Fair Work, Industry News

National Minimum Wage Increase FY 2024

By Paolo, 05.06.2023

Fairwork Minimum Wage Increase FY 2024

On the 4th of June 2023, the Fair Work Commission completed its review of next year’s minimum wage and announced the largest increase of the National Minimum Wage to date. The National Minimum Wage and Award Wages will increase for the 2024 Financial Year to the following:

  • 8.6% increase applicable to the National Minimum ​Wage, raising it from $21.38 per hour to $23.23 per hour;
  • 5.75% increase to the National Minimum Wage applicable for Modern Awards and Enterprise Agreements’ wages.

Casual employees will still receive an additional 25% Casual Loading.

The increase for employees earning minimum wages applies from the first full pay period starting on or after 1 July 2023.

Employees working under any of the 122 Awards will also receive the increase at the same time.

Fair Work Australia is currently updating the Pay Tools with the new rates. The FY 2024 Pay Tools will be available by July 2023.

What is the National Minimum Wage

The National Minimum Wage is the employee’s base rate of pay for ordinary hours worked.

The National Minimum wage is the base rate applicable to award or agreement-free workers. The Award National Minimum Wage instead, is the Level 1 pay rate applicable to workers classified under the award that covers their industry or occupation. An employee cannot be paid less than their applicable minimum wage, even if they agree to it.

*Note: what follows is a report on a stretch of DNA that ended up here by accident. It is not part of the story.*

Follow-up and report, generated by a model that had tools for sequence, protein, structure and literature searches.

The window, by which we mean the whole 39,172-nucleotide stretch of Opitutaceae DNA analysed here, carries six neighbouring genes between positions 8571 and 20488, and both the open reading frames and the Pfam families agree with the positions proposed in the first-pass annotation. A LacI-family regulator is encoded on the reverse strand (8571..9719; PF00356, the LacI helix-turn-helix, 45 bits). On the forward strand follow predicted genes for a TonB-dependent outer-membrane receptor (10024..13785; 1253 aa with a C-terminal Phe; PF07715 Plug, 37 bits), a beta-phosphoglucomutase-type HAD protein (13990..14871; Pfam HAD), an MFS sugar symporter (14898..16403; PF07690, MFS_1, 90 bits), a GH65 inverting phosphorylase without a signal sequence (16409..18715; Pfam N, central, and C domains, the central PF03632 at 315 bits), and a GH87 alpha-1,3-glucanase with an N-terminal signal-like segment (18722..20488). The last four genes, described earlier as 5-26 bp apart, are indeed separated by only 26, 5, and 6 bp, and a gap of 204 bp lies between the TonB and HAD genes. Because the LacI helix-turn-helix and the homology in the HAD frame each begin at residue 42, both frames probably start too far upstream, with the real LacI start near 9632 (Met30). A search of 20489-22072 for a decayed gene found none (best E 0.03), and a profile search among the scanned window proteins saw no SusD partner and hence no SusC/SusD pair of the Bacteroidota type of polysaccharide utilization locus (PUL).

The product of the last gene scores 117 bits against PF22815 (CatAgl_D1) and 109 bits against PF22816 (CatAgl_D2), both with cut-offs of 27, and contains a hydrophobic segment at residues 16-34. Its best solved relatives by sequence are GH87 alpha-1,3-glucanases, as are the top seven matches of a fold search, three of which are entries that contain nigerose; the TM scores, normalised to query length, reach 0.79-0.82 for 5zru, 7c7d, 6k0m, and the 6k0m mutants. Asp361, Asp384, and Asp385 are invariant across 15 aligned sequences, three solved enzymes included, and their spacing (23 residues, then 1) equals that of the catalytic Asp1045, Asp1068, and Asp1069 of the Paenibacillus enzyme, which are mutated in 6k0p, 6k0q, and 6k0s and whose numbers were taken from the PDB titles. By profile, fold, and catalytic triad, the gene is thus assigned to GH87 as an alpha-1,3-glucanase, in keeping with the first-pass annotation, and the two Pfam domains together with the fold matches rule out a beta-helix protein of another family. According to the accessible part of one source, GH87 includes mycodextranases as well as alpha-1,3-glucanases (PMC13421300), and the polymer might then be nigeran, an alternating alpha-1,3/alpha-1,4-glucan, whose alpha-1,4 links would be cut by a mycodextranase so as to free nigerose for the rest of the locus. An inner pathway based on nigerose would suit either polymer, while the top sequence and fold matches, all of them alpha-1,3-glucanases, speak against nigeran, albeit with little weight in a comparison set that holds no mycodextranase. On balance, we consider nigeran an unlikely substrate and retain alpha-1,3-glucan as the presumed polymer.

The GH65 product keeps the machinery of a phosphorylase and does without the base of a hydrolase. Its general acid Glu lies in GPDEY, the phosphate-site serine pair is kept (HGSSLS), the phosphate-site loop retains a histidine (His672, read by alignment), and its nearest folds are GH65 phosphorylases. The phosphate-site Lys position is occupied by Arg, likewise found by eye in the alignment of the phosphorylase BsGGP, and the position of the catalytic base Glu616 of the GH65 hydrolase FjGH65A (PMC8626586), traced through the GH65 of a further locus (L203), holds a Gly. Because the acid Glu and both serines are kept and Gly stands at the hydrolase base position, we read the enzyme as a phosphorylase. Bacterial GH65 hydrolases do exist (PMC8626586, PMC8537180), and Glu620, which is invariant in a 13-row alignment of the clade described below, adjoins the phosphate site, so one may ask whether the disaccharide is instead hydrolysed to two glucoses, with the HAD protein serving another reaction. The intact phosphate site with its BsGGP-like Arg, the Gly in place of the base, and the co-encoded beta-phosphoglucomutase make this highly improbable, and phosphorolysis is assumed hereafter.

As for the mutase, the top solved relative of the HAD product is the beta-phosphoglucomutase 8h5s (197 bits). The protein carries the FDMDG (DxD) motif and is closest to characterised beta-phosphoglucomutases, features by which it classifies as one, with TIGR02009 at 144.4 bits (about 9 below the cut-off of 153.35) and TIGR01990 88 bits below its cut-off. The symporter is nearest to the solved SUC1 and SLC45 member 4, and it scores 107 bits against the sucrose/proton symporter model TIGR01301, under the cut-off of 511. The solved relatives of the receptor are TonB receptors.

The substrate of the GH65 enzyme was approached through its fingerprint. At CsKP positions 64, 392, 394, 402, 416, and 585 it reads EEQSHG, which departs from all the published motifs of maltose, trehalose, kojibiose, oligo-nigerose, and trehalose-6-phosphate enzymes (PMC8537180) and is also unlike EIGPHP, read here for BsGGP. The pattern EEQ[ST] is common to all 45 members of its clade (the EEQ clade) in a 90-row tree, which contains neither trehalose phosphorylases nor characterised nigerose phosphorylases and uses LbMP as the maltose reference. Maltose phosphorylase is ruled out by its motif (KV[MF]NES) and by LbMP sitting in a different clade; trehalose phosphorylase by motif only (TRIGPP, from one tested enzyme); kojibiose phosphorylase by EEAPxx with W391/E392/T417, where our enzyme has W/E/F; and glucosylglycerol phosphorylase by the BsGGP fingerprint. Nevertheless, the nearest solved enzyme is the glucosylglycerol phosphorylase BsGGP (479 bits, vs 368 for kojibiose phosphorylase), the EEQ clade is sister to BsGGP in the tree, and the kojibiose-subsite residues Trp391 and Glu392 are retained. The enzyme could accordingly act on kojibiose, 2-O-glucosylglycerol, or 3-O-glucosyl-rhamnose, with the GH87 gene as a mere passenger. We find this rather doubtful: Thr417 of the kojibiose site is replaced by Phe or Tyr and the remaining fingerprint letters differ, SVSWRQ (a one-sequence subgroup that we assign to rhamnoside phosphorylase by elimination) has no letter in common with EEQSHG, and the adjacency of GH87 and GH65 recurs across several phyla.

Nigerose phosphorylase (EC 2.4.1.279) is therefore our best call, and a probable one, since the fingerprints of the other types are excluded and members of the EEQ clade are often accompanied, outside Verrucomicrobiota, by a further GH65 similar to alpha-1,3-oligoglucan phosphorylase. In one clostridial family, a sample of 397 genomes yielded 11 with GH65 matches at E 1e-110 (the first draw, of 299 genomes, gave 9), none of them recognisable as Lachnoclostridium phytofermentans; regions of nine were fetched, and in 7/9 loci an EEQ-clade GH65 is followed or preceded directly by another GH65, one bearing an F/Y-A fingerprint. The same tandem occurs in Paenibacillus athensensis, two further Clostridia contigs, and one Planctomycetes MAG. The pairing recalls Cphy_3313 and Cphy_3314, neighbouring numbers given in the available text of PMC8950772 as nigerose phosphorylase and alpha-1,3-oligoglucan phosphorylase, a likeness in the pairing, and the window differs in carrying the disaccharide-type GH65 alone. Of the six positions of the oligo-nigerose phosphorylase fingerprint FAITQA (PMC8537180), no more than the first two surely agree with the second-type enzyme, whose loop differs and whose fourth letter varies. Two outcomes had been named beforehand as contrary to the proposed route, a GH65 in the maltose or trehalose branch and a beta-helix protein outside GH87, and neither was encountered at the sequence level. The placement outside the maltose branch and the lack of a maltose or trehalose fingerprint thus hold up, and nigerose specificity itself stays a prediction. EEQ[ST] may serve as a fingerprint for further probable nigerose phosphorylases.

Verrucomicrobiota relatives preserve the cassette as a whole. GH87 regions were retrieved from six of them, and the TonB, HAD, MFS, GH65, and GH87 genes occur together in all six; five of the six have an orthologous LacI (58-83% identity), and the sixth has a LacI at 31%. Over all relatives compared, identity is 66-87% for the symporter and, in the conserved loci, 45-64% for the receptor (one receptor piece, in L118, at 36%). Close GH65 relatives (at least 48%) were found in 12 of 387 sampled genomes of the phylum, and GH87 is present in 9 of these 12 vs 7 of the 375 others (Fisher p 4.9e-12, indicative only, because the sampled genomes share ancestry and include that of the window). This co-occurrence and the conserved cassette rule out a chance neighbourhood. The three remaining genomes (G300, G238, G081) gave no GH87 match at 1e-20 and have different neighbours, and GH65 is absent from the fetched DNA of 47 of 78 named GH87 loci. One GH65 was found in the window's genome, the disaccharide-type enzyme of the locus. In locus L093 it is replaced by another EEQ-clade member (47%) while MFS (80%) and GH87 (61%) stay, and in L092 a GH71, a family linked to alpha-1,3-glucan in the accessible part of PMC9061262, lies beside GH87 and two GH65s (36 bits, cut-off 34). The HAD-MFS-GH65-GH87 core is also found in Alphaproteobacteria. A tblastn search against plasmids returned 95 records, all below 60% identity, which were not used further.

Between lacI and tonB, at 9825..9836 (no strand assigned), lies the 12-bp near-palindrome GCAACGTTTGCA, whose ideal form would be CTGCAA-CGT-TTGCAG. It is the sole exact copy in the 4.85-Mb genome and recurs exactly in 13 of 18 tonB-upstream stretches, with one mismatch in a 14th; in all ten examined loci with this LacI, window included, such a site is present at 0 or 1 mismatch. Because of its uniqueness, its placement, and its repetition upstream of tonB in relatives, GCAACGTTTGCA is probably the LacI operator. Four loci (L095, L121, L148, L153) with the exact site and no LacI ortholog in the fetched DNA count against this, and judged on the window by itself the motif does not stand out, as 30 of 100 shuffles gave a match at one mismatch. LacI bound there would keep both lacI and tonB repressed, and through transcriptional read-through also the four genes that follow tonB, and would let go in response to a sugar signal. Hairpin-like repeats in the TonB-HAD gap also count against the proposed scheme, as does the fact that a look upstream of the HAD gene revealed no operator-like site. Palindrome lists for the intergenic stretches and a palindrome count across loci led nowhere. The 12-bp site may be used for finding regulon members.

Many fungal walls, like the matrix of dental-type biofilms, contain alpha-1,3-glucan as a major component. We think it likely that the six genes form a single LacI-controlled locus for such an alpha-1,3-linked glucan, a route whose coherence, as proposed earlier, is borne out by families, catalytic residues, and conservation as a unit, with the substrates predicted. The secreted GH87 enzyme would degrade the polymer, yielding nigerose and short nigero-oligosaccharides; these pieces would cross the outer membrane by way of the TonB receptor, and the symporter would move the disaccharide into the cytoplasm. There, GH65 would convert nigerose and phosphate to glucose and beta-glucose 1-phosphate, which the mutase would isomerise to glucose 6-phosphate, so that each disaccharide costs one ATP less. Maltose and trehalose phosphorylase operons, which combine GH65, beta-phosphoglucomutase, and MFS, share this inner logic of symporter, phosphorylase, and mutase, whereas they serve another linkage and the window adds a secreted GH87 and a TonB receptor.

It is estimated that about 2.75 million Australian Workers are currently paid either the National Minimum Wage or an Award wage.

The National Minimum Wage is reviewed each year by the Fair Work Commission. Once the review is completed, a National Minimum Wage Order is issued. This generally applies from the first full pay period on or after the 1st of July.

The National Minimum Wage Revision includes rates applicable to all types of workers, including:

  • Adult employees;
  • Junior employees;
  • Junior or Adult trainees and apprentices;
  • Employees with a disability.

Current economical situation

The increase of 8.6% of the National Minimum Wage is the highest to date, keeping Australia at the top of the world’s minimum wages.

In making this decision, the Fair Work Commission aimed to adjust the National Minimum Wage and align it with a higher Award wage classification. The National Minimum Wage has always been aligned with the lowest Award Wage classification C-14. This year’s increase will align it with C-13 rates.

The goal of the Australian Government is to help people paid minimum wages cope with the ongoing increased cost of living. Taking into consideration the 7% current inflation rate (a key area of discussion in this year’s Federal Budget). The Australian Government urged the Fair Work Commission to increase low-paid wages to cope with the current socio-economic environment.

The 5.75% Award Wages increase, although the highest in history, is still the result of a compromise between the 3.8% rate recommended by some of the key Business Groups and the 7% sought by the Australian Council of Trade Unions (ACTU) to match the current CPI.

“This is an absolutely essential increase for all of the people in Australia who are struggling so hard at the moment just to survive, to pay their rent, to pay their groceries, to pay all of the basics” 
Sally McManus – Secretary Australian Council Trade Unions (ACTU)